Leonard Ncube, Victoria Falls Reporter
FIFTEEN-year-old Blessing Caroline Ncube of Makwa in Hwange, hops to school on one leg but her spirit is not dampened by her disability.
An inner spirit tells her she can make it in life.
Her goal is to become a teacher just like her paternal aunt now working in South Africa.
Blessing is a Form 3 pupil at Neshaya Secondary School in Makwa area, Hwange district.
She is the first born in a family of two, and her sibling is 10 years old.
Blessing was born at St Patrick’s Hospital in Hwange with a rare paraplegic condition, a partial or complete paralysis of the lower half of the body.
She has one complete left leg while her right leg ends just below the knee.
Her arms are also incomplete limbs without hands.
The right-hand limb ends at the elbow while the left one ends on the wrist.
Her disability is not a result of injury but she was born with the condition.
As a young girl deep in a remote rural area and attending a rural school, she knows no special treatment.
Her school has no special class for people of her condition and she has to learn, do school and homework, and write exercises at the same pace with all her classmates despite not having palms and fingers to hold a pen and write.
She has to attend assembly with others, attend lessons and above all, do her household chores before and after school.
With a single leg and no hands, Blessing’s life looks hard from a bystander’s view.
However, her spirit is not dampened as she wants to participate in everything that her able-bodied colleagues can do.
She caught the attention of former Malawi President Dr Joyce Banda and Southern African Development Initiators (SADI) officials during their visit to Hwange’s Msuna last week when she stood from the crowd and hopped across the arena to join her schoolmates to sing the national anthem.
SADI had invited Dr Banda to officiate at a ground-breaking ceremony for an irrigation project which will have a citrus plantation and fish ponds for villagers in Kanjeza.
Immediately, an official from SADI said they were going to take care of her school needs.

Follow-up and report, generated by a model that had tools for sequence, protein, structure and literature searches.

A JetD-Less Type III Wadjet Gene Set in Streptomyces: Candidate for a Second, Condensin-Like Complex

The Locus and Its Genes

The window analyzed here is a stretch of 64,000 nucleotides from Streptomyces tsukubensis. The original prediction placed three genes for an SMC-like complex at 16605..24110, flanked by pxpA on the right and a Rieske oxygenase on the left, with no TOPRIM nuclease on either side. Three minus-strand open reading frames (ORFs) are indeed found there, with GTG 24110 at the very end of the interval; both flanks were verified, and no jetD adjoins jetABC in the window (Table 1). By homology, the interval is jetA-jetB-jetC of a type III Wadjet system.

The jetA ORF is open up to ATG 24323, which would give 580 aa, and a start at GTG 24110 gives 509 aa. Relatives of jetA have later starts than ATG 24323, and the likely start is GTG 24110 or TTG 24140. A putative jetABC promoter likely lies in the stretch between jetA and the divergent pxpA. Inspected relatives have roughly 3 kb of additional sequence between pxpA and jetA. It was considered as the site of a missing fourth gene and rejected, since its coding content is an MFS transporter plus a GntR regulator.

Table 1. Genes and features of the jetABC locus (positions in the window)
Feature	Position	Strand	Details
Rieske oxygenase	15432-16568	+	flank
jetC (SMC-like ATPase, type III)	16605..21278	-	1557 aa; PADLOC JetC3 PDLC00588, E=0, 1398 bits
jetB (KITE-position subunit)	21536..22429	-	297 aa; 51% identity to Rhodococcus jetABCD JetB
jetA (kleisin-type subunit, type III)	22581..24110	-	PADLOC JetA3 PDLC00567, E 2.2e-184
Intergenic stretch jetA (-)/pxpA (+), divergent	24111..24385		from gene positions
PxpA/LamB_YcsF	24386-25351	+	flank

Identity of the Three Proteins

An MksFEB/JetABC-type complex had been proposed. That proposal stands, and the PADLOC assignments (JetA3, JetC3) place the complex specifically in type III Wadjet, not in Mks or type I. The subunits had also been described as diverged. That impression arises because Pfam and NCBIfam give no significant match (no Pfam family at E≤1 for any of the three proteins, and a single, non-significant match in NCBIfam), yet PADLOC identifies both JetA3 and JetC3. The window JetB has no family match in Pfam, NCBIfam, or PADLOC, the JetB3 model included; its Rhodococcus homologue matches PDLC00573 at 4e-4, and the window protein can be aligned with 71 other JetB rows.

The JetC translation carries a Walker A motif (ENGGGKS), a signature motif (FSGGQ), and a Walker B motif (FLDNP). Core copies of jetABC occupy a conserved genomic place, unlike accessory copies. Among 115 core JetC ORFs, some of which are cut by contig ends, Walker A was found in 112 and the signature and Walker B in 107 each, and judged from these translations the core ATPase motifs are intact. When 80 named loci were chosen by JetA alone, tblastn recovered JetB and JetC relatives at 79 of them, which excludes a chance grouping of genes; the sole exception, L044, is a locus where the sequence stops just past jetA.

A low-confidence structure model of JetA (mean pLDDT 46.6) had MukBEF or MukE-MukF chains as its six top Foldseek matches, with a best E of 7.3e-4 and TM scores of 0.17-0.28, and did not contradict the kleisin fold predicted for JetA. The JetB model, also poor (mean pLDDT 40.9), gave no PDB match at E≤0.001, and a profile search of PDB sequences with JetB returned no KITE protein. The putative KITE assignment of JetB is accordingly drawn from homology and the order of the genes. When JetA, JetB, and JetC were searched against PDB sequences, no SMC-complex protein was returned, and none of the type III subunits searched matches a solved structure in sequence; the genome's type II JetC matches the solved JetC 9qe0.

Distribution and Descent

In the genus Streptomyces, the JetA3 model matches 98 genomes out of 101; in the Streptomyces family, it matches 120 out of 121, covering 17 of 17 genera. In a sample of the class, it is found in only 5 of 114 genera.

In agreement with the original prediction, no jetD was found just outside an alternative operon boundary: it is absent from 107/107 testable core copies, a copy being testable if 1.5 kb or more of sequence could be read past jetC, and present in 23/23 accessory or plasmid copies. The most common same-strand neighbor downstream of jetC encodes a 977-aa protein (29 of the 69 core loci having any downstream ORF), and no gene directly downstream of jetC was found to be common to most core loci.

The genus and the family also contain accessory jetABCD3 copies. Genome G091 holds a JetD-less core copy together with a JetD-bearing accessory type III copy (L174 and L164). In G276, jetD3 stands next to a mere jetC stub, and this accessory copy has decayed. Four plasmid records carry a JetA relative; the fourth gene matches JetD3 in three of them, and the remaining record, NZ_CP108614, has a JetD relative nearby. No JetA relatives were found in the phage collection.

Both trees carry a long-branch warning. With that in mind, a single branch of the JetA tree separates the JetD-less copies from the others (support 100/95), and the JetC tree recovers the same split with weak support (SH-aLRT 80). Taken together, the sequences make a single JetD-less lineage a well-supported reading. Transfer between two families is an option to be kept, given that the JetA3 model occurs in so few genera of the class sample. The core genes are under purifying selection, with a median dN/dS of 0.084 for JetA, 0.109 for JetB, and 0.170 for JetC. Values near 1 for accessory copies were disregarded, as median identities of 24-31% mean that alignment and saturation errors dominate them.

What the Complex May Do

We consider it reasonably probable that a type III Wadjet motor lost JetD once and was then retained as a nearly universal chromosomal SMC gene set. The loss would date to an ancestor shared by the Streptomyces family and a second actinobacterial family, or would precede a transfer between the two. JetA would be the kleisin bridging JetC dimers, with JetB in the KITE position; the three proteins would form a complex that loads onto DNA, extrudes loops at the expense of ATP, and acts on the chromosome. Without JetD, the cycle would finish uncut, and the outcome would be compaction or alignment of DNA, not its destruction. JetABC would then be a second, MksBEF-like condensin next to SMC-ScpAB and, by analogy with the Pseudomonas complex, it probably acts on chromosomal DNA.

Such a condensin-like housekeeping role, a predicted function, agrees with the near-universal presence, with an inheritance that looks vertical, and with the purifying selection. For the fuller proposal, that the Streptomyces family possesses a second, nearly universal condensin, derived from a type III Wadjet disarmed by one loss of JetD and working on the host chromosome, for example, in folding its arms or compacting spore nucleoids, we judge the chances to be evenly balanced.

Without a wheelchair or crutches, Blessing’s only way of mobility is by hopping around.
She hops to school and surprisingly, can go to fetch water, do household chores and other duties.
“I can write like everyone and finish my work as long as the hands are not painful because sometimes when I overuse them, they become sore.
At home I can do household chores like washing plates, cooking and cleaning the house.
I even bath on my own,” said Blessing.
When a Chronicle news crew approached her for an interview, Blessing who was browsing through her phone, said she can type using her longer left-hand limb as long as the phone is balanced on her lap.
She did her primary education at Makwa School, and her mother Ms Future Ncube would carry her to school or she would hop along with other children.
Going to secondary school was difficult for her compared to primary as she had to carry more books but her blessing came when her mother got a job at Neshaya as a cook.
The two moved to stay at the school cottages.
Blessing’s father is based in South Africa and has not visited since the outbreak of Covid-19 three years ago, said the girl.
The girl is doing Mathematics, English, Science, Nambya, Commerce and Geography and St Patrick’s Hospital is helping pay her school fees.
“I want to be a teacher,” she said.
“I was inspired by my aunt Sikholiwe Ncube who was a teacher before relocating to South Africa where she is based.”
Blessing said her immediate need is an artificial leg for her to freely walk and probably wear both shoes.
“I once had a wheelchair but it was difficult to move around because I had no one to push me.
I need an artificial leg so I can walk around,” she told Dr Banda who had a brief chat with her soon after the ground-breaking ceremony at Kanjeza Village.
Dr Banda promised to send Blessing an artificial leg and motorised wheelchair.
“I have just found another mentee today and she said she needs an artificial leg.
I am going to make sure it is sent to her soon and she will get it in a few days.
She also needs a wheelchair but she said there is no-one to push her, so we will send her a motorised wheelchair as well,” said Dr Banda.
Blessing demonstrated to Dr Banda how she uses her limbs to write, and her mouth to prepare the pen for writing.
Neshaya school head Mr Lunyalalo Ncube said Blessing would sometimes go and fetch water with other learners from a water pipe about 1km from the school.
The school has been having water challenges for some years and its only source has been a leaking Zimbabwe Power Company pipe about a kilometre away.
At the ground-breaking ceremony, Blessing was accompanied by Ms Blessing Chipare, an English and Geography teacher who praised her for her resilience.
“She does normal duties because we don’t have a special class but she is given special care.
We however, try to make her fit with others because of the demands of the new curriculum,” she said.